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Iraq's Sadrists Reject Top Election Winners

An influential Shi'ite movement in Iraq led by radical cleric Moqtada al-Sadr says it wants former Prime Minister Ibrahim al-Jaafari to return to the job.

Al-Sadr's followers, known as Sadrists, voted in favor of Mr. Jaafari during a two-day referendum organized by the anti-American cleric.

Al-Sadr's group held the referendum to help it decide who to nominate as prime minister, after parliamentary elections last month yielded no clear winner.

The group rejected the top winners of the national election, including former Prime Minister Ayad Allawi, whose secular coalition captured just two more seats than incumbent Prime Minister Nouri al-Maliki and his Shi'ite-led bloc.

The group says Mr. Jaafari won 24 percent of the referendum vote with more than 1 million ballots cast last Friday and Saturday.

The referendum did not have government support and is not legally binding.

Both Mr. Allawi and Prime Minister Maliki failed to win a parliamentary majority, requiring them to try to form larger coalitions with other factions.

Mr. Maliki came a distant fourth in al-Sadr's referendum with 10 percent of the vote, while Mr. Allawi placed fifth with nine percent. The Sadrist movement dislikes Mr. Maliki because he ordered a military offensive against its Mahdi Army militia in 2008.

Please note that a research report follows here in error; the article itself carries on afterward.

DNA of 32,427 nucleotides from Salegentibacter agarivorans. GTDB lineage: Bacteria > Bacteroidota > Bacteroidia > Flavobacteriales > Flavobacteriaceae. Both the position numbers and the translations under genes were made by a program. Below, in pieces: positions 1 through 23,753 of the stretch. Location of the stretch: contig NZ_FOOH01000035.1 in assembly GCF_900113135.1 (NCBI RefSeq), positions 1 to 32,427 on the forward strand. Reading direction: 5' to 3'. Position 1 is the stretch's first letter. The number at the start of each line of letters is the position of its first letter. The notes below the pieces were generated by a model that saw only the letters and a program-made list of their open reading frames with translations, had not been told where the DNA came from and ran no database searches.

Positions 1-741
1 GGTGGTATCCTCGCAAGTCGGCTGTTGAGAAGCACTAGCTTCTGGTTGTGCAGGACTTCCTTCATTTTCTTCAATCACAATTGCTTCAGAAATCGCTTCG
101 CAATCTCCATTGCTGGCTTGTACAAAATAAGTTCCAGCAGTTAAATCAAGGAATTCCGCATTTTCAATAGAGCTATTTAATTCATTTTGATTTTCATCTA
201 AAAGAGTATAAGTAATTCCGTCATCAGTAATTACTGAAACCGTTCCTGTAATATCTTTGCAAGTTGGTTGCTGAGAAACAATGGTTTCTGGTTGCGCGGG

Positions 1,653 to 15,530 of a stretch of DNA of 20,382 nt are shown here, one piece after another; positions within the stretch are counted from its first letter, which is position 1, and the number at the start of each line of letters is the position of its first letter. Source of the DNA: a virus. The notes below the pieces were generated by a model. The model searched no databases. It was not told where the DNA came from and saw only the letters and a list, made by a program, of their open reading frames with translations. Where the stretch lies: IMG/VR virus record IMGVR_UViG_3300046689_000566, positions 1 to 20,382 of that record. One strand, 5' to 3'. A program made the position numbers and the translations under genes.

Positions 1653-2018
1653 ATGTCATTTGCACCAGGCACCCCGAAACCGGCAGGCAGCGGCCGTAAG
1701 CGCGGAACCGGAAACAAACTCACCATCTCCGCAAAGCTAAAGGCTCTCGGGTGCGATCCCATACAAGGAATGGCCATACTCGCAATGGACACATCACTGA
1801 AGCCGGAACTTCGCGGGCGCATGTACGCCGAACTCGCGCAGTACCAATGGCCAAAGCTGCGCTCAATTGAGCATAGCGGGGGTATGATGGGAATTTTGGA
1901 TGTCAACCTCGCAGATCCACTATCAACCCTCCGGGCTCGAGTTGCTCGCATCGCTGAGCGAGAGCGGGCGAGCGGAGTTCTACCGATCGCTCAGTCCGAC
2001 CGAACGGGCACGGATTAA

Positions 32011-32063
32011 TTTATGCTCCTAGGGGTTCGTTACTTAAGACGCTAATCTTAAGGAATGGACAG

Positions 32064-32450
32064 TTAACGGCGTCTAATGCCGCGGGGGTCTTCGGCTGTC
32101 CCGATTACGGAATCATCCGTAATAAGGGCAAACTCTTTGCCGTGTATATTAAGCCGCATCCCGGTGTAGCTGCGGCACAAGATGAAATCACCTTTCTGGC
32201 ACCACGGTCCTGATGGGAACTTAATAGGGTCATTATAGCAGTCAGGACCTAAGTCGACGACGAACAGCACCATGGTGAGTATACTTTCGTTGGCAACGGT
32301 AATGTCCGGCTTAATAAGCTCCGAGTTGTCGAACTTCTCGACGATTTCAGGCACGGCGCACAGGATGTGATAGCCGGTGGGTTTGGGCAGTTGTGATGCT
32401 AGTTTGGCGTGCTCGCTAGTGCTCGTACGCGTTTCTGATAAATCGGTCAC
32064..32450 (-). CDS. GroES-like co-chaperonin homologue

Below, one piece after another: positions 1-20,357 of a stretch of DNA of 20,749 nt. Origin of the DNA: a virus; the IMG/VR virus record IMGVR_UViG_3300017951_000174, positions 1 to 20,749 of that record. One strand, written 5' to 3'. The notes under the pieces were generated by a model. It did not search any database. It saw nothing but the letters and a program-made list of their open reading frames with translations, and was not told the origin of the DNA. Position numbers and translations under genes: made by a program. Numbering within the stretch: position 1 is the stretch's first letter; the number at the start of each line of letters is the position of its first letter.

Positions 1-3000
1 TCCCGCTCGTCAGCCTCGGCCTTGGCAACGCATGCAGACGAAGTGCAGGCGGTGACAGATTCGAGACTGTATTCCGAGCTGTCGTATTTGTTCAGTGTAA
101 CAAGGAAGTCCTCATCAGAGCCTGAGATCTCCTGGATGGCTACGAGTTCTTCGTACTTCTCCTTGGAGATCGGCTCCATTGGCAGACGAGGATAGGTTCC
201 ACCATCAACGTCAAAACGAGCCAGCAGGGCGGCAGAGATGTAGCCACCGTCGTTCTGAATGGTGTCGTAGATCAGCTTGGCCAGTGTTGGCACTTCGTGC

Al-Sadr's poll gave second place to Jaafar al-Sadr, a relative of Moqtada al-Sadr, with 23 percent of the vote. Write-in candidate Qusay Abdul-Suhail, a Sadrist lawmaker, took third place with 17 percent.

The referendum was open to all Iraqis, but it is not clear how widely the ballots were available outside of Sadrist strongholds in Baghdad and elsewhere.

Militants appear to have taken advantage of Iraq's post-election stalemate by carrying out a wave of attacks in and around Baghdad in the past five days, killing more than 100 people.

Washington says the violence will not alter its plan to withdraw combat troops from Iraq by the end of August.

Some information for this report was provided by AP, AFP and Reuters.